MANCHESTER – Cast your mind back to that time Chevy Chase was reigning box office champ. Keep going. A little further. Just a touch more. There you are. One of the founding members of flagship comedy series Saturday Night Live, Chase made such a huge impression in that first year on prime time TV that he jumped ship in the middle of season two to pursue a career in film. Scoring big hits like 1978’s Foul Play – alongside Goldie Hawn – before entering the eighties with Caddyshack and National Lampoon’s Vacation, it was the middle of that decade where the actor managed to really bring together his knack for goofy impersonations gleaned from his time on SNL with that leading man persona in 1985’s comedy drama, Fletch.
An adaptation of Gregory McDonald’s first book in his series featuring the misadventures of undercover journalist I.M. Fletcher, the movie version of Fletch had a fair amount of cinematic pedigree attached to it. It was directed by Michael Ritchie, who had gained prominence in the seventies for sterling work on The Candidate, Prime Cut, Smile and The Bad News Bears. Scripted by Andrew Bergman, who has also made a name for himself in the same era, producing the original screenplay for Blazing Saddles and the beloved Alan Arkin and Peter Falk comedic two-hander, The In-Laws. It’s been documented that the director allowed his star the somewhat luxury of having his own alternative take during many scenes in order to ad-lib. The resulting film benefits from this method, as Chase brings his own inimitable style to many moments.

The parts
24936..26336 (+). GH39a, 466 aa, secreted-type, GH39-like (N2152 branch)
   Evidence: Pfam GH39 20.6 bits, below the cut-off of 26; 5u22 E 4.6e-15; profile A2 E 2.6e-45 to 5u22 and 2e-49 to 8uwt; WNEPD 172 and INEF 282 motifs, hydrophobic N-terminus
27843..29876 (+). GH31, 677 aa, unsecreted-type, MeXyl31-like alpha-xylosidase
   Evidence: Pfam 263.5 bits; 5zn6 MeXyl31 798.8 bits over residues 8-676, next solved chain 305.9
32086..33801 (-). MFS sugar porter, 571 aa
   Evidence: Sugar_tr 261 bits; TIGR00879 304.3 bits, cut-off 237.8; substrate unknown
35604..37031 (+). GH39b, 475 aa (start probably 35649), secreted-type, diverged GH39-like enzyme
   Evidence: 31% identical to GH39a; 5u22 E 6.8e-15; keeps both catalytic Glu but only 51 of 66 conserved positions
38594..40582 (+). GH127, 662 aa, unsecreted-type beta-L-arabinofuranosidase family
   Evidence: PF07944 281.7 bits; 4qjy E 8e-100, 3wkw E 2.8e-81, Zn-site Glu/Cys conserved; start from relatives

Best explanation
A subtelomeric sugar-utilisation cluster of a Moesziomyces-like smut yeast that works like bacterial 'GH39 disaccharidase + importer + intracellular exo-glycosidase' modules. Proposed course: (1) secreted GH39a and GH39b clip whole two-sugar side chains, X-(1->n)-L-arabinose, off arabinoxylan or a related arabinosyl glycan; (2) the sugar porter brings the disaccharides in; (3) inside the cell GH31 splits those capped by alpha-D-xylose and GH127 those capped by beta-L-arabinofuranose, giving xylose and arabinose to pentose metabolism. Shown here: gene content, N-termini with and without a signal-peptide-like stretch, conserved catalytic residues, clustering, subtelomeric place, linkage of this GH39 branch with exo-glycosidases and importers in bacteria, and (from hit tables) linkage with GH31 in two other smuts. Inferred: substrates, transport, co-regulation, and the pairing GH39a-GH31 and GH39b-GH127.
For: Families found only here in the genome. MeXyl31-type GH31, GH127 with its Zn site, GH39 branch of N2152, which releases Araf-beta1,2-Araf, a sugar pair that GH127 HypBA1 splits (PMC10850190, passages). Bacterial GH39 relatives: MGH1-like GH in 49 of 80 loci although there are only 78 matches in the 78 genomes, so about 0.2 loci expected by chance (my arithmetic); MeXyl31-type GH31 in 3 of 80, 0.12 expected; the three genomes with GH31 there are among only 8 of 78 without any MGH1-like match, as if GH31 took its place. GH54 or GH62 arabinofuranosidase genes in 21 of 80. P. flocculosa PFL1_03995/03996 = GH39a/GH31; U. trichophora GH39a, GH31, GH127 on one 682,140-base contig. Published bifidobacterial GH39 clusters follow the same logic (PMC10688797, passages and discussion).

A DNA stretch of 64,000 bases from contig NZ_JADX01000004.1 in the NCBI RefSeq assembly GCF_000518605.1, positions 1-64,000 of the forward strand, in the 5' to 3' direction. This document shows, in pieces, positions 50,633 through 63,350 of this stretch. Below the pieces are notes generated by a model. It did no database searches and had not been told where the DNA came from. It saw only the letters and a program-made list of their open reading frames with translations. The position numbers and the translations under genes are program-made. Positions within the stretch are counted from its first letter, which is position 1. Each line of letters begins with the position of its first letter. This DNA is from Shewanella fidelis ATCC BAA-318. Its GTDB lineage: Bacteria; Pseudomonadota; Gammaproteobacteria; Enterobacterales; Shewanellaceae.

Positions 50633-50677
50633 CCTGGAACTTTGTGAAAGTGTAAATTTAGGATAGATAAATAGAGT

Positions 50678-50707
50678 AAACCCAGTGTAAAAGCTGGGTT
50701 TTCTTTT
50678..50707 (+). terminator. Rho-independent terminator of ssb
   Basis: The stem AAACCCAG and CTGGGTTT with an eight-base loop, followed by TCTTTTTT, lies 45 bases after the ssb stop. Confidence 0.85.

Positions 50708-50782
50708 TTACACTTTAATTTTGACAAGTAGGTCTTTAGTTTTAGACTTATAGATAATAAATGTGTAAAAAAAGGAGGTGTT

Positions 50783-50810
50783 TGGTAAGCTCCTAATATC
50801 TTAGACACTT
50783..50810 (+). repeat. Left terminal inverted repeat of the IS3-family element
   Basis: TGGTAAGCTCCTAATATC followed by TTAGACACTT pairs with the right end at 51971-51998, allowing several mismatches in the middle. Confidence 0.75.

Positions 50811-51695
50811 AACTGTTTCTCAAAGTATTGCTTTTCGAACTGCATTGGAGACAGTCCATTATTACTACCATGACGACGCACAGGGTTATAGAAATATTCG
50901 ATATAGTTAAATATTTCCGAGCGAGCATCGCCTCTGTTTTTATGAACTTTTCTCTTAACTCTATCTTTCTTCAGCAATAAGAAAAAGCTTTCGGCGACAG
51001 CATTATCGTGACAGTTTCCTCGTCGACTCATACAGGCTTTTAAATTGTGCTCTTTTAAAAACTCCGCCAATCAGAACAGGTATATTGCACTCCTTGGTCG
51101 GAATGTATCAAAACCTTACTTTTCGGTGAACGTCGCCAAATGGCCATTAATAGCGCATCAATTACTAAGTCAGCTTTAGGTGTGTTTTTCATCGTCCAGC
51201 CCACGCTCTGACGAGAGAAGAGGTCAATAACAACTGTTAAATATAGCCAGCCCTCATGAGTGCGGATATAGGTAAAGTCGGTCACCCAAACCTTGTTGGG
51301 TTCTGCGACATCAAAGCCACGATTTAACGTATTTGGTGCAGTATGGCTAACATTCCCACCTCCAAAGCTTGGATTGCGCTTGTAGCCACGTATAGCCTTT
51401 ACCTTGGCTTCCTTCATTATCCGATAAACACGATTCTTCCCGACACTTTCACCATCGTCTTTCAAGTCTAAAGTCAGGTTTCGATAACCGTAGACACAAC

The role of Fletch was a stretch for the comedian, whose previous film roles had leaned more on his overtly slapstick and pratfall abilities. Here was a character that, while requiring Chase to exercise his comedic muscle – he dons an impressive array of disguises throughout – also teased out a dramatic side to the actor seldom seen before. One particular moment where Fletch is suddenly threatened with his life by corrupt LAPD Police Chief Karlin (Joe Don Baker) sees Chase momentarily drop his wise-cracking, happy-go-lucky persona. It’s a fleeting and tantalising glimpse at another side to the actor who has sadly never pursued work of a more dramatic nature, possibly owing to his well-publicised tendency to self-sabotage.
In hindsight, the biggest disappointment with Fletch was the fact that Chase wasn’t able to parlay his impressive work here into more substantial roles, and instead he largely relied on the broader comedy which made up the bulk of his career before dropping off the Hollywood radar sometime in the mid-nineties. Even the 1989 sequel Fletch Lives – again directing by Richie – was a pale imitation of the first film, shedding the more grounded approach of the original for a crasser tone, and which sees Fletch relocate to Louisiana after inheriting a huge plantation there. There’s been talk for many years of the character potentially being rebooted – and the possibility of Chase playing father to Fletch Jr. – but like many long-cherished characters in pop culture, it’s tough to envision anyone else in the role other than the actor who made it entirely his own.